Steps taken to ease blockade of Gaza
Israel on Sunday pledged to allow goods -- except for weapons and related material -- into the Gaza Strip via land crossings.
President Obama and former British prime minister Tony Blair, who worked to persuade Israel to ease its blockade of the Hamas-led territory after Israel's seizure of a Turkish aid ship May 31, welcomed the statement.
Israel announced last week that it was letting more goods into Gaza. On Sunday, it formally agreed to switch from a list of permitted goods to a list of banned goods and said it would allow construction projects to proceed if they are supervised by the Palestinian Authority or another third party.
Under the policy change, Palestinians would still be permitted to cross from Gaza into Israel only for humanitarian reasons primarily.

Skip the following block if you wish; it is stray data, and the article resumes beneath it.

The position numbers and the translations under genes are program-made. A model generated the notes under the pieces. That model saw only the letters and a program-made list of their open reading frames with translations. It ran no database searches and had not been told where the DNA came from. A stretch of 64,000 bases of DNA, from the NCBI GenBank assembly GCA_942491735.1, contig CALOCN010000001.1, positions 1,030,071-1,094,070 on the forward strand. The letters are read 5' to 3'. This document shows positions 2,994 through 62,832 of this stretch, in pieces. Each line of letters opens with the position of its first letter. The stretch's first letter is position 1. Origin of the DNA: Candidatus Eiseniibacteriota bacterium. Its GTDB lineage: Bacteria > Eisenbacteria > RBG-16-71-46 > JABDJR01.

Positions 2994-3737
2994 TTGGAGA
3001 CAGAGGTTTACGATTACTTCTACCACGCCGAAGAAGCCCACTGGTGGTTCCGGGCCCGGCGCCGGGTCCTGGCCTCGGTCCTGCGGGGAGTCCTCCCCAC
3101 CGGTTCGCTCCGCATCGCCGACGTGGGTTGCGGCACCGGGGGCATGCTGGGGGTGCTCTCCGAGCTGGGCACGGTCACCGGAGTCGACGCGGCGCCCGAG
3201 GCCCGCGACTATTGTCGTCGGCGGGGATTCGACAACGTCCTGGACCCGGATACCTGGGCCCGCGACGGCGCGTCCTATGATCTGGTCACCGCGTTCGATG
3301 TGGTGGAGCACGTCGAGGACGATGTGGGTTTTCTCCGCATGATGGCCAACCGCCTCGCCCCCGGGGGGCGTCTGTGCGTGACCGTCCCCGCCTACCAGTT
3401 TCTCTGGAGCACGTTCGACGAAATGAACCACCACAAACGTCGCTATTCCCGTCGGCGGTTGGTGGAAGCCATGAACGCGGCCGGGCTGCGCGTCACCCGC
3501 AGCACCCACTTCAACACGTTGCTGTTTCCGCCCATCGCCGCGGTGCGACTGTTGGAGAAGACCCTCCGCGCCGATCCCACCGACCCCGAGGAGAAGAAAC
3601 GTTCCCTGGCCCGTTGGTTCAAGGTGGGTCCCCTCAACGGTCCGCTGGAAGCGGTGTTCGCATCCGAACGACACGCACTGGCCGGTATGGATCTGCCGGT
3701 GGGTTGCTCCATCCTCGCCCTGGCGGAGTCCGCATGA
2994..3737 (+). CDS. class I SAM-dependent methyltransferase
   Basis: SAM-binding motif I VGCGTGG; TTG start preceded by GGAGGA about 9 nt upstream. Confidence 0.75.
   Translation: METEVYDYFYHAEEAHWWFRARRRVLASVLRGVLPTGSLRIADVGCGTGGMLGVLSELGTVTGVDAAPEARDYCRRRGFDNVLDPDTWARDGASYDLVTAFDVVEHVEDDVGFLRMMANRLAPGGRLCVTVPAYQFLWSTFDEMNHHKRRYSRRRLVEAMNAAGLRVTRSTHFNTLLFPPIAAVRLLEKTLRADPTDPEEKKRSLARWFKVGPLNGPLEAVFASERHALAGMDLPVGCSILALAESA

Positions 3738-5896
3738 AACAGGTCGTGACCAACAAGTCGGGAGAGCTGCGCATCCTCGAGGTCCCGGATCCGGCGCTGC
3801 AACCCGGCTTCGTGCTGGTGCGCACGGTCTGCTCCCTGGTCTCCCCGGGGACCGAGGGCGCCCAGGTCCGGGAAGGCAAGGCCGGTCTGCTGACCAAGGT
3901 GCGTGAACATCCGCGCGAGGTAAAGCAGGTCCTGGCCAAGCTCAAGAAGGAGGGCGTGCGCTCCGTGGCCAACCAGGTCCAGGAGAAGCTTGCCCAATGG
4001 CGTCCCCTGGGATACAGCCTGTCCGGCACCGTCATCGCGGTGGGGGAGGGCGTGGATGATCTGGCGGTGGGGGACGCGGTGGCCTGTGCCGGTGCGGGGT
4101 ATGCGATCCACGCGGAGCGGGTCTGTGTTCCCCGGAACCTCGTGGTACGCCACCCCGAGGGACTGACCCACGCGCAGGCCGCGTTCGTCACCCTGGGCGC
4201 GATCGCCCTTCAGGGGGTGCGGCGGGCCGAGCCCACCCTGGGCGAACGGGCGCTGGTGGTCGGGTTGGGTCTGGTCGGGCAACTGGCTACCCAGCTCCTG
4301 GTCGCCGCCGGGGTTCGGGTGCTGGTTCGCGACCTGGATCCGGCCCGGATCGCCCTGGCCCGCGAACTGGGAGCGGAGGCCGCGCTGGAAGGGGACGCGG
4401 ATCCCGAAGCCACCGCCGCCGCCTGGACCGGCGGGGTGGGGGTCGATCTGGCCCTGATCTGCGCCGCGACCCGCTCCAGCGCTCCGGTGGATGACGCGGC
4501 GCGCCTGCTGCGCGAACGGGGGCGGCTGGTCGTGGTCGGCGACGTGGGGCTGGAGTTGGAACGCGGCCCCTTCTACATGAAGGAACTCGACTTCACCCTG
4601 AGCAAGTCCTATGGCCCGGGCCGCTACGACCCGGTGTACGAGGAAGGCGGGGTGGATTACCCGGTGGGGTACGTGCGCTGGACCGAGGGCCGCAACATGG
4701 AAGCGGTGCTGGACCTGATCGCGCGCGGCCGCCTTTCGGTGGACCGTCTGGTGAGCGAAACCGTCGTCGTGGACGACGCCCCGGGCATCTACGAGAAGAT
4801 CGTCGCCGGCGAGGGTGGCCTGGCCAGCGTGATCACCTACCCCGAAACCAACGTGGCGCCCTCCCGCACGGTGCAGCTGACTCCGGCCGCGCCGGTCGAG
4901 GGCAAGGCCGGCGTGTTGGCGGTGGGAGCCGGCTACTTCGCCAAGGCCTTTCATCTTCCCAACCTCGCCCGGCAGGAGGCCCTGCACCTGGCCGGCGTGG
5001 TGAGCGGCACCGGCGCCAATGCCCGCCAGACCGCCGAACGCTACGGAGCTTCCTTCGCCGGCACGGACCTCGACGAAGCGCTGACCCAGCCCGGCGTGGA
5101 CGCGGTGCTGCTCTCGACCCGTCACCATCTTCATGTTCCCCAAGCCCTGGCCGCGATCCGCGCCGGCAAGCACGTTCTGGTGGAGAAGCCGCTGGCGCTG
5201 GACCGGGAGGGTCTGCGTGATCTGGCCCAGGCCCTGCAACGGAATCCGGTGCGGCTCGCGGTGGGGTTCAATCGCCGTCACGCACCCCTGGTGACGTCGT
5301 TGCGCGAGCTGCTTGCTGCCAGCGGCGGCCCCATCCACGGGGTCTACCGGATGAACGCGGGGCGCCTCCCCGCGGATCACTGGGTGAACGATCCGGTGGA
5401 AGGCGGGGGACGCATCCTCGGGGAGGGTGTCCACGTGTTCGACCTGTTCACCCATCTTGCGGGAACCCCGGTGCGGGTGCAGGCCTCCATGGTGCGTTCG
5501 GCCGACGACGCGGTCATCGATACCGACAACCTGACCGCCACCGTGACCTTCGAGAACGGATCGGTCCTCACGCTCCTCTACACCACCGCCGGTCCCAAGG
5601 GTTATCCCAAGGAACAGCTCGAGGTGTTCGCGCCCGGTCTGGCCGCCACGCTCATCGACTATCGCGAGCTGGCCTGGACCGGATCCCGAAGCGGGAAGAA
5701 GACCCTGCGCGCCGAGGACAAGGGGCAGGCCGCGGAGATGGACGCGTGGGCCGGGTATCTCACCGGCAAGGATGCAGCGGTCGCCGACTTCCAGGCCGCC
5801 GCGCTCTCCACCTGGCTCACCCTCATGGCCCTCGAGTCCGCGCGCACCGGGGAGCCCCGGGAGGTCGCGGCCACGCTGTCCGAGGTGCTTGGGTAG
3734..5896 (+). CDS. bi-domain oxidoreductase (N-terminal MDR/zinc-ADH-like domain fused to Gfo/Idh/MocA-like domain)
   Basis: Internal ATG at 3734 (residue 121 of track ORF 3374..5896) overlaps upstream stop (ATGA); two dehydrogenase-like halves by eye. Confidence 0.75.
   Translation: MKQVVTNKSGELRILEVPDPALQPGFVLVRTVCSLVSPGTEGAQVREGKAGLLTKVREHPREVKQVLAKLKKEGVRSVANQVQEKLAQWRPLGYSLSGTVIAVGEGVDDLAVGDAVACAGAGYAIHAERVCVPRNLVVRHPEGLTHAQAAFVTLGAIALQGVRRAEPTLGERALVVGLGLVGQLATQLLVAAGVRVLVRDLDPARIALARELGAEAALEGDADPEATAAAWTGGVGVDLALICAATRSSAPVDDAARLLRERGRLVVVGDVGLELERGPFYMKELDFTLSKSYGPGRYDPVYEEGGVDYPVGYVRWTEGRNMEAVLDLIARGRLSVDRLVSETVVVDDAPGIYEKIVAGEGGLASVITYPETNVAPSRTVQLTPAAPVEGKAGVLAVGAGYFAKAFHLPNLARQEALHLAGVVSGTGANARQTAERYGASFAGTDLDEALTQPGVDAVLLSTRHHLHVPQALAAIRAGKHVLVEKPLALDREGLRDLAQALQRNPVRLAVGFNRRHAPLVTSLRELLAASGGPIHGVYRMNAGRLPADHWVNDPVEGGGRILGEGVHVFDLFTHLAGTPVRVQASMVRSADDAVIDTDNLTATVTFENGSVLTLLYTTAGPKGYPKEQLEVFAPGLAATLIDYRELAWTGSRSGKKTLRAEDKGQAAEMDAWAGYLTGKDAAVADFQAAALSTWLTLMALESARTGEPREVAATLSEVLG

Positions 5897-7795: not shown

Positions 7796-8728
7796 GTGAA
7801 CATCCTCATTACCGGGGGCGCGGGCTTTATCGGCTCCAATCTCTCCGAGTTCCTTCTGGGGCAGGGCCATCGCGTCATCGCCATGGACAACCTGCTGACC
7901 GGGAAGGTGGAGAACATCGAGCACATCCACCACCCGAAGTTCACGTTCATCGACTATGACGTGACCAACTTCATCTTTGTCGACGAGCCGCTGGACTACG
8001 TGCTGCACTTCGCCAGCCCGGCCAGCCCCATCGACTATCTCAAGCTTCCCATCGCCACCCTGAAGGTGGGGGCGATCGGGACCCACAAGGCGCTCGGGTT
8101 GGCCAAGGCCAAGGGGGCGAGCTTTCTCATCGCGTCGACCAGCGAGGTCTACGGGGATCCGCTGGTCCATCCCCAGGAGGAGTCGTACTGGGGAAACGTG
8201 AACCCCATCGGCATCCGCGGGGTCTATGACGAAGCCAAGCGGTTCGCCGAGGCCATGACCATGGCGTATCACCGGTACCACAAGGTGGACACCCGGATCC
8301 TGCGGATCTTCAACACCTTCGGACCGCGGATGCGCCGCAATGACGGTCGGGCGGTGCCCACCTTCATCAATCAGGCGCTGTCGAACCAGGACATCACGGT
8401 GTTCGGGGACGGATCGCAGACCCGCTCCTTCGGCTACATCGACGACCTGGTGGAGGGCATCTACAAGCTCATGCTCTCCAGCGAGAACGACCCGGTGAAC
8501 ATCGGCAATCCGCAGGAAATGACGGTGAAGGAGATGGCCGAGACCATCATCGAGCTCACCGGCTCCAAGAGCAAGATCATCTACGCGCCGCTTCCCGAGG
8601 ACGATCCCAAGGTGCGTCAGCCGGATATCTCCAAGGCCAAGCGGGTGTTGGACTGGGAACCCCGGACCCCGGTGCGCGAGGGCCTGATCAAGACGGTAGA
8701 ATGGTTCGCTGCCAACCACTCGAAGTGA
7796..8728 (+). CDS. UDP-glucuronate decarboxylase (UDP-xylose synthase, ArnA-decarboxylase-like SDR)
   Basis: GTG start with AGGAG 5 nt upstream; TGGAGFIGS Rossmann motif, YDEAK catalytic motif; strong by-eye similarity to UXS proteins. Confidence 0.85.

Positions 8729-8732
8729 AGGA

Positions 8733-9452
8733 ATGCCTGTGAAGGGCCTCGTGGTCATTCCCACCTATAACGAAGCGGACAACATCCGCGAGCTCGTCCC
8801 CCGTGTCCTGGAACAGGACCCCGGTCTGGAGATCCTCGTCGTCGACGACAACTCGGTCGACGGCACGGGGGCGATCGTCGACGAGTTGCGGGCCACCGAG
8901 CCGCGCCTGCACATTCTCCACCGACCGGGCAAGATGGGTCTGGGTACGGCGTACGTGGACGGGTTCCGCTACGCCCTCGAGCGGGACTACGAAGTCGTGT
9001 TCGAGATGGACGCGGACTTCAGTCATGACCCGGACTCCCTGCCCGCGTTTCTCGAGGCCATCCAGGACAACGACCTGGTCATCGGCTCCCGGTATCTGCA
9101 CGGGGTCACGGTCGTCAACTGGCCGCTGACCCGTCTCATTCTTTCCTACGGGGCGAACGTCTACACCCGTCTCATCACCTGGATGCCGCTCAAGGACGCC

"As conditions improve, Israel will consider additional ways to facilitate the movement of people to and from Gaza," Israel said in a statement.
With the list of banned items still vague, it remained unclear whether Israel would allow the full resumption of industry and the export of products manufactured in Gaza. But Blair said the Israeli decision allowed for the "expansion of commercial activity."
The United States urged all those wishing to deliver goods to Gaza to "do so through established channels" and to avoid "unnecessary confrontations."
-- Janine Zacharia